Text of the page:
since we were to maintain an oem appearance in the car with little to no cutting, the mid and tweeter were both installed in the lower door location that previously housed the stock mid enclosure. this isnt an ideal location for them but the good thing is the stock grille on the door card is oval in shape, so no speaker will be blocked.

first, jesse ran new speaker wires into the door:



and then i went in and sound proofed the outter doors with some blackhole tiles, while the inner door received a combination of STP CLD damper around the speakers, focal BAM XXXL on the main door portion, and some Ballistik foam towards the rear. the reason why i went with the thinner foam on the rear of the door is that with these older cars, the window and door lock actuator rods are exposed, and i do not want too much pressure on those moving parts as to avoid jamming them after the door card is installed.





i then constructed a set of mounting baffles, with spacers secured in place to utilize all oem mounting holes, and coated them with several layers of truck bedliner to protect them against the elements:





i then press fit the audiofrog GS10 tweeters into them and wired them up:



the baffles were then secured to the door using oem mounting points and the tweeter wired up, the inside opening of the midbass baffle was also sealed to the door panel opening itself using several layers of sound proofing, thus separating the front and back waves:





and then the midbass was installed as well:





and finally, some foam rings to contain the sound waves and direct them only out of the speaker grille:



the door card also received STP CLD damper:



the same procedure also went onto the driver side door:













 

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moving onto the sub, about the only location that makes sense for a sub enclosure in the nsx is the front passenger foot well...where a pathetic stock 4" driver used to reside to produce "bass"... Jesse constructed a enclosure for a single arc audio ARC8 subwoofer. normally, the stock carpet goes over the box and it is pretty invisible and protected:



pull back the carpet and you see the new enclosure there, with a protective grille over the sub. there is virtually no way to match the slightly faded carpet of the nsx, so it was done in black carpet instead:



pull off the grille and you see the ARC 8:





some build pics of the enclosure by Jesse, and as mentioned this is perhaps the single most backbreaking part of the build, requiring quite a bit of time contorted in the foot well glassing :)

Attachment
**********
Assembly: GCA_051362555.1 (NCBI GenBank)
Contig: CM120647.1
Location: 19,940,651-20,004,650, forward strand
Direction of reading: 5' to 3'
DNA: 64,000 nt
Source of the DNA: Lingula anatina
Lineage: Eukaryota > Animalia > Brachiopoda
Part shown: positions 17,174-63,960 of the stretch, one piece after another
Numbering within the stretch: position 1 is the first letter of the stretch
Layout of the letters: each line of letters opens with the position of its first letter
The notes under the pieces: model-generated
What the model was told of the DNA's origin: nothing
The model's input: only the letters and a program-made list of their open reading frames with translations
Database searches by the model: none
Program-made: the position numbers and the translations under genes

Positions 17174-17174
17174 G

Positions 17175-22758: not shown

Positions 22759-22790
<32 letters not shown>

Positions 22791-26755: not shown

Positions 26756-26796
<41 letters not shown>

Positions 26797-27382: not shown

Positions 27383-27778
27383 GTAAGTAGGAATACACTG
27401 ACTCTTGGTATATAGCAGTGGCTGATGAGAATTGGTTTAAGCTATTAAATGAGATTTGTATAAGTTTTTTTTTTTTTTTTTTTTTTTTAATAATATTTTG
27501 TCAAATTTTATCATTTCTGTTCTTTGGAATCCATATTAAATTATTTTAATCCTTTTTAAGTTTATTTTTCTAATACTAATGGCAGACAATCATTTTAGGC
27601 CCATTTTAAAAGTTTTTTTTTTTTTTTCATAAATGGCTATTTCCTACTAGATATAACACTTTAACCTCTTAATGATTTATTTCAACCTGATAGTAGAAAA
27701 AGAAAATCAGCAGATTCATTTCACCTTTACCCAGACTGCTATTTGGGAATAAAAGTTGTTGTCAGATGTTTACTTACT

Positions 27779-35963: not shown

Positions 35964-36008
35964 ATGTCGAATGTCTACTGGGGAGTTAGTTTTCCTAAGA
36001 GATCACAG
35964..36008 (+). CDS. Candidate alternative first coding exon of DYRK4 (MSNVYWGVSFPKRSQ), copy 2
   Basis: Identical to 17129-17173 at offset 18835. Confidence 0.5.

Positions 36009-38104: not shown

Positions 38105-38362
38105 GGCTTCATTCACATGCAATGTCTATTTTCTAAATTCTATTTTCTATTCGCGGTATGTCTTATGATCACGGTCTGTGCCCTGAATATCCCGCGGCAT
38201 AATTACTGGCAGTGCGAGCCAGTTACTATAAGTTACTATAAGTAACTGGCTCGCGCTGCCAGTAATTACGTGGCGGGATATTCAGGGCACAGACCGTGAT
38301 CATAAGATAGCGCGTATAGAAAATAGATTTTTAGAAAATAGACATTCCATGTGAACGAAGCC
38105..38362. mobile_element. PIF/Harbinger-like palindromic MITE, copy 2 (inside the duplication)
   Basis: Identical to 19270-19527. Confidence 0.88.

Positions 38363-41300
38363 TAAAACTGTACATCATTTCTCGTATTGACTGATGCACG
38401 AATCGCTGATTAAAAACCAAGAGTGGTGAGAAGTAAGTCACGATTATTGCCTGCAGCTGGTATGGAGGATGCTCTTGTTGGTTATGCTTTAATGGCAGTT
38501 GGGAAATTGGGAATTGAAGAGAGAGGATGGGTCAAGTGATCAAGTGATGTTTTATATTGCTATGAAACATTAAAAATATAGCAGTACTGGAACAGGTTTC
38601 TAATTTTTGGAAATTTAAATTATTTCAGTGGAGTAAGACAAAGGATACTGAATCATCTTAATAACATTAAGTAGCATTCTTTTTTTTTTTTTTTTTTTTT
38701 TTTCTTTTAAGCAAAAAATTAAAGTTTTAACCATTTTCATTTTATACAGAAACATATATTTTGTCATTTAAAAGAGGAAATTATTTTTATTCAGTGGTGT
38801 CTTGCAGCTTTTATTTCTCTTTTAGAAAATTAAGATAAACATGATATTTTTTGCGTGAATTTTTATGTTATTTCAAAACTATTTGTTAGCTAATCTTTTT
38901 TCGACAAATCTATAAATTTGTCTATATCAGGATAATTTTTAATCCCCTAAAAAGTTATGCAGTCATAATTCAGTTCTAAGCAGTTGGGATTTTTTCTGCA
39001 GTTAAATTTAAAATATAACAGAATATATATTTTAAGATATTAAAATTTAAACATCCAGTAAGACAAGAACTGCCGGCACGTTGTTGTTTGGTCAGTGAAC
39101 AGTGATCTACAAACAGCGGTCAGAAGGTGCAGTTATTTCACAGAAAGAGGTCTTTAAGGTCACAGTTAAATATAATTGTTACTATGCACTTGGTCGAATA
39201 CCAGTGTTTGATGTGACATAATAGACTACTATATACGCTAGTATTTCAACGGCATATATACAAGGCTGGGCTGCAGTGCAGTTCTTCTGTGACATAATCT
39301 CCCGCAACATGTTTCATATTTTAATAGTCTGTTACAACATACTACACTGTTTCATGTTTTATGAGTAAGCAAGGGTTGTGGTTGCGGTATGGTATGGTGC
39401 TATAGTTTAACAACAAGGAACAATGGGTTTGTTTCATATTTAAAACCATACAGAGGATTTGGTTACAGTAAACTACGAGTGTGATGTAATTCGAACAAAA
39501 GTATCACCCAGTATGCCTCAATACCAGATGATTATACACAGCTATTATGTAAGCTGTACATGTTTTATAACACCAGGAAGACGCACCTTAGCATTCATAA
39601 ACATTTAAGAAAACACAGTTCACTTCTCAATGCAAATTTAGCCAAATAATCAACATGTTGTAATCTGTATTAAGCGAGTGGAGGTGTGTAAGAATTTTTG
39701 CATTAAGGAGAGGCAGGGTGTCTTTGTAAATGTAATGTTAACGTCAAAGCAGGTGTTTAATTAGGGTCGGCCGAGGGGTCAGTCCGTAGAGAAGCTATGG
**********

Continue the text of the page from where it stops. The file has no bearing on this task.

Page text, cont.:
first, the stock sub enclosure was removed and the carpet laid flat on the floor, then the entire front right side of the interior was masked off:





then, 6 layers of fiberglass went in to form the back mold of the enclosure:



then jesse attached a front baffle, and blended the edges. after some final sanding, he was left with this:









the box was then carpeted, and a breathable grille also fabricated and carepted:



next comes the wiring pics as it goes from the interior, back top the trunk. all the speaker and signal wires go through the center console area, while the main power cable is run down the passenger side door sill and into the front trunk:











all the cables pass into the engine compartment from a central oem grommet, it is then protected by loom, ziptied to factory bundles, routed to the driver side of the car, and then enters the trunk via factory hole:





 

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now, lets take a look at the trunk, which is very minimalist in design.

front the back, normally, there is almost nothing to be seen. the only addition is a new side wall, and the amp rack, tucked as far in as possible on the driver side. a black vinyl cover panel with raised NSX logo is visible...but otherwise, nothing is changed. i tried my best to dye the carpet to beter match the oem carpet, but it is squarely in between the two shades of trunk liner commonly available.







pop off the cover panel and you see a very simple black vinyl trimmed opening housing two mosconi D2 amplifiers. a D2 DSP 100.4 sends 100 watts x 4 fully active upfront to the GS components, and a D2 500.1 powers the subwoofer with close to 500 watts. the 100.4, which basically has a mosconi 4to6dsp built in, also provides the signal processing for the system and recieves the signal from the high resolution BT module. very small, tidy and light weight:











some build pics of the amp rack...first, it is secured to the car using only oem mounting spots. no new holes were drilled. instead, three rivet nuts were installed onto existing oem mounting brackets:





then the rack was built with matching supports and tabs that allows bolts to go into those three locations. the rack was built and wired outside of the car and basically bolted in: